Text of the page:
The house where Amnesia now stands was built at the end of the 18th century. Sold to an aristocratic and artistic widow in the 70s it became a home to hippies who played in bands and danced till dawn while experimenting with LSD and “touching the heavens”, according to the Amnesia web site.
In 1975 Spain’s long ruling dictator Franco died. In 1976 the new tennant Antonio Escohotado turned the house into a discotheque and christened it Amnesia.
The four four thump of disco took over from rock and is yet to relinquish its hold. But it was the juxtapostion of new and old sounds, pop and underground which was truly influential. Argentine Alfredo Fiorito wowed Paul Oakenfold, Danny Rampling and others in the summer of ’88 and let flow a torrent of mass tourism which continues raging to this day.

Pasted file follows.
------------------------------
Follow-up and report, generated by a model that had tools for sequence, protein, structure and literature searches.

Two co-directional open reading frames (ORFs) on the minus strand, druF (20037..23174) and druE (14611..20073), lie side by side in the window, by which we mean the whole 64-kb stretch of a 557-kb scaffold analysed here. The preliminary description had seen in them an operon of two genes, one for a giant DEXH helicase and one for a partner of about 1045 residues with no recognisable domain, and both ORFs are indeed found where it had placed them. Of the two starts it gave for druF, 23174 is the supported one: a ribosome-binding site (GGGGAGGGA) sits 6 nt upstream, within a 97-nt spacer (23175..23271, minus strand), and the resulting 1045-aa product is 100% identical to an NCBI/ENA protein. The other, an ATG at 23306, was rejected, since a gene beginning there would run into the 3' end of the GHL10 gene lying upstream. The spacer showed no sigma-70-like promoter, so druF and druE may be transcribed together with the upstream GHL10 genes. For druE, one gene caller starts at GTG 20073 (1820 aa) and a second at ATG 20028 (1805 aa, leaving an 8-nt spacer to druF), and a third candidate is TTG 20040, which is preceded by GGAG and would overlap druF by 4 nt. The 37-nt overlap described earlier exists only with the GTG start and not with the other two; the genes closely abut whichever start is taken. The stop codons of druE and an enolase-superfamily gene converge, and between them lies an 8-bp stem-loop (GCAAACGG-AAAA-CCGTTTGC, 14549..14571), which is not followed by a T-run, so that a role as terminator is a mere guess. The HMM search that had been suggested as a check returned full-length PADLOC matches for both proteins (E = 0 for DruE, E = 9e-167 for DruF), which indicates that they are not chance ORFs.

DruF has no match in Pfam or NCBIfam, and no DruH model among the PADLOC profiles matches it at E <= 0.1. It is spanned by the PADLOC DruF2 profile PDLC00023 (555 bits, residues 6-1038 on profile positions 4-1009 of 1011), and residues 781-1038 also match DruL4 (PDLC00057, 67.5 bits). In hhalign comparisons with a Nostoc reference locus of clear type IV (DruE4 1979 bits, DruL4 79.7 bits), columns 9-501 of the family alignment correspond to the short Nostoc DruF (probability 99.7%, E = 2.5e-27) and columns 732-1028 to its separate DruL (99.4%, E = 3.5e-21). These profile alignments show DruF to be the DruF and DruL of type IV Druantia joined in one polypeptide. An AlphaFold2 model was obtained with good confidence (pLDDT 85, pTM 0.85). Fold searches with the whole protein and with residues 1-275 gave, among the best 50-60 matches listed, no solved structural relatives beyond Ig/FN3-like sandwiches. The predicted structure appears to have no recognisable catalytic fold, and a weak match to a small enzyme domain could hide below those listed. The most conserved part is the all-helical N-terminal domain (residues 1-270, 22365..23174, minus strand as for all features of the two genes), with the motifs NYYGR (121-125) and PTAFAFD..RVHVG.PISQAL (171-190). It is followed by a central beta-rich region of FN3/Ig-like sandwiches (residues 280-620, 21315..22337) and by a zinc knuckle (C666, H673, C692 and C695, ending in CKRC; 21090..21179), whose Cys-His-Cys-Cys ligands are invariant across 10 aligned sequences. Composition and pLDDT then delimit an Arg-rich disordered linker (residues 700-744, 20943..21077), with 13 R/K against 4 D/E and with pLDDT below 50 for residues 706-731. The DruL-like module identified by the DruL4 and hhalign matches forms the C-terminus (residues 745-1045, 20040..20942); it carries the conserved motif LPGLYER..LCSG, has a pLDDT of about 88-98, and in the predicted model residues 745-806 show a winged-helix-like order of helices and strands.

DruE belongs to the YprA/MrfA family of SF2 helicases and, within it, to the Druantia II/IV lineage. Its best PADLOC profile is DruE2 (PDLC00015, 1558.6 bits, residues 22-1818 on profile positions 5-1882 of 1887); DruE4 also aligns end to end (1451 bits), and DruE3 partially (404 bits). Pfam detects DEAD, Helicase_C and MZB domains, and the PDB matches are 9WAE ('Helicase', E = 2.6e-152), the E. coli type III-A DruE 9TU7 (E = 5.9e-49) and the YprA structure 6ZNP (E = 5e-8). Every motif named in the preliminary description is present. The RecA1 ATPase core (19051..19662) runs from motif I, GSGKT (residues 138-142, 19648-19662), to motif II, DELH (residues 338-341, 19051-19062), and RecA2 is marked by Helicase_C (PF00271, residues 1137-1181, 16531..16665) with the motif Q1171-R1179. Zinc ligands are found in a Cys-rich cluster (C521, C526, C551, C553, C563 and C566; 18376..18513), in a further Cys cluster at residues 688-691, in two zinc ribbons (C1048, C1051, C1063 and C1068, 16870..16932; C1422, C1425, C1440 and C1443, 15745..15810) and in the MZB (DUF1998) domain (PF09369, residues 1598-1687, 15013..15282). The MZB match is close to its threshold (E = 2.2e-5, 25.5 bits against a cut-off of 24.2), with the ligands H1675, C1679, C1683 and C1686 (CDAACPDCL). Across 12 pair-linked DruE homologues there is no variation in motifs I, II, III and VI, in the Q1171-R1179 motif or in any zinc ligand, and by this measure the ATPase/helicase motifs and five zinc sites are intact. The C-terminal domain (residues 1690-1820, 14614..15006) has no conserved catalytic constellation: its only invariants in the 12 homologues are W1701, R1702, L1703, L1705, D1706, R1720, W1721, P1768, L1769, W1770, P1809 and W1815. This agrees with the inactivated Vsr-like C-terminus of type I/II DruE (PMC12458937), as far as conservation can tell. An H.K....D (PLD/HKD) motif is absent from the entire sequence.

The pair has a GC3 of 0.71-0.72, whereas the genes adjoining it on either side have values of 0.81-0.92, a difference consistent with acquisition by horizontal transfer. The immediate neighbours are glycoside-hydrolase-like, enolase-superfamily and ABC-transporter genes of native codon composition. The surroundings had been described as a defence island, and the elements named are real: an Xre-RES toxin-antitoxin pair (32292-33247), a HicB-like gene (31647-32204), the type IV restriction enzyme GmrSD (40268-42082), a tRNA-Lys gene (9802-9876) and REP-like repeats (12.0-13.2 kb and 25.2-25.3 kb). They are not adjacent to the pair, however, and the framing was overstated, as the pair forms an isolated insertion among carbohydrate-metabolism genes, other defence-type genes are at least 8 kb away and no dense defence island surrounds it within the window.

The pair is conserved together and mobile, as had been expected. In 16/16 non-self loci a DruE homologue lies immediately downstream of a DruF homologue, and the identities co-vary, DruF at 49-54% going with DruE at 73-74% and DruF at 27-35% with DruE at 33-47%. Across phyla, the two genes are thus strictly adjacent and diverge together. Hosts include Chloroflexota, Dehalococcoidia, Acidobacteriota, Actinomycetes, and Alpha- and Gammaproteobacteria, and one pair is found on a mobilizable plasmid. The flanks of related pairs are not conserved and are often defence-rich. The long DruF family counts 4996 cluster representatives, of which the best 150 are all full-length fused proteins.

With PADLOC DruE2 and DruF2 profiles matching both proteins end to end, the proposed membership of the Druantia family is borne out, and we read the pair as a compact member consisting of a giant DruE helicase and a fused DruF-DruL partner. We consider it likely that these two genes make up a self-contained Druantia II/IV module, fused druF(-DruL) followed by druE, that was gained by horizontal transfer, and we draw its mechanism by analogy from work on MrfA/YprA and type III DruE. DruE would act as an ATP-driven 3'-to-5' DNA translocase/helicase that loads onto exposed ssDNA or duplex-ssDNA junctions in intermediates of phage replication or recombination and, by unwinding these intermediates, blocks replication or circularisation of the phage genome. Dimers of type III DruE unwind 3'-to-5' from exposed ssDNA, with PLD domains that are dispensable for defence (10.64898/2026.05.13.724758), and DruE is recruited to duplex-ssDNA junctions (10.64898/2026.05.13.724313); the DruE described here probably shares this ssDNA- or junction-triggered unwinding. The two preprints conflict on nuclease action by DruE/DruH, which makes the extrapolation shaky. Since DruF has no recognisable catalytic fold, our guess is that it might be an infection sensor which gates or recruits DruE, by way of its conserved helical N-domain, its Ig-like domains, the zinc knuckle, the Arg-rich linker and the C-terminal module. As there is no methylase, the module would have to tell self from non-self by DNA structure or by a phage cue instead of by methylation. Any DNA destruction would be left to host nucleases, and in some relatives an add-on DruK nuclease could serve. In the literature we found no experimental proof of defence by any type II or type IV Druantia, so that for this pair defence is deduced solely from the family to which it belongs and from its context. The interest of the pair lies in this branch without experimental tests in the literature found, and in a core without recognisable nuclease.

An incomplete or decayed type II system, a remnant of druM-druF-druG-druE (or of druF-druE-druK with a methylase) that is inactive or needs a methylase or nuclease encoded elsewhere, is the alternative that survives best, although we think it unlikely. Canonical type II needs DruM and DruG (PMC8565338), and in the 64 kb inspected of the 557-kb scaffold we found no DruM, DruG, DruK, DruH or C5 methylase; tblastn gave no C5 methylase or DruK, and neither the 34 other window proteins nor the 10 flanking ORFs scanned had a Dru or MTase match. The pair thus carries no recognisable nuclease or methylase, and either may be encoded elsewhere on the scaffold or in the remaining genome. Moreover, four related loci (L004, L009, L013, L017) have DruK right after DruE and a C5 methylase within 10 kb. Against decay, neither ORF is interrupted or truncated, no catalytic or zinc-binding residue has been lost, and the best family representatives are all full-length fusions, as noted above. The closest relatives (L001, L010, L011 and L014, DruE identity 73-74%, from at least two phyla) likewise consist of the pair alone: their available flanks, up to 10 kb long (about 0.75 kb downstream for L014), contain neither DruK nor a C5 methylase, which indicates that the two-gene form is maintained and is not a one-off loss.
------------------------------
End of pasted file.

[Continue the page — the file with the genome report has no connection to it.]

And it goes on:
Renovated and updated in 2008, the terrace is a huge greenhouse with palm trees, many bars and a pleasantly air-conditioned VIP area which encircles the club on the upper floor.
The plebs below are cooled by less subtle means – two massive “ice cannons” blasting cold air fire off at regular intervals. Amnesia also host Espuma parties at which life-threatening quantities of foam are pumped onto the dance floor in the main room.
Boulder-sized stacks of speakers litter the floor and are usually colonised by enthusiastic ravers. Tacky dancers bounce around on podiums on the upstairs floor, level with the dj booth which looks down on the writhing masses below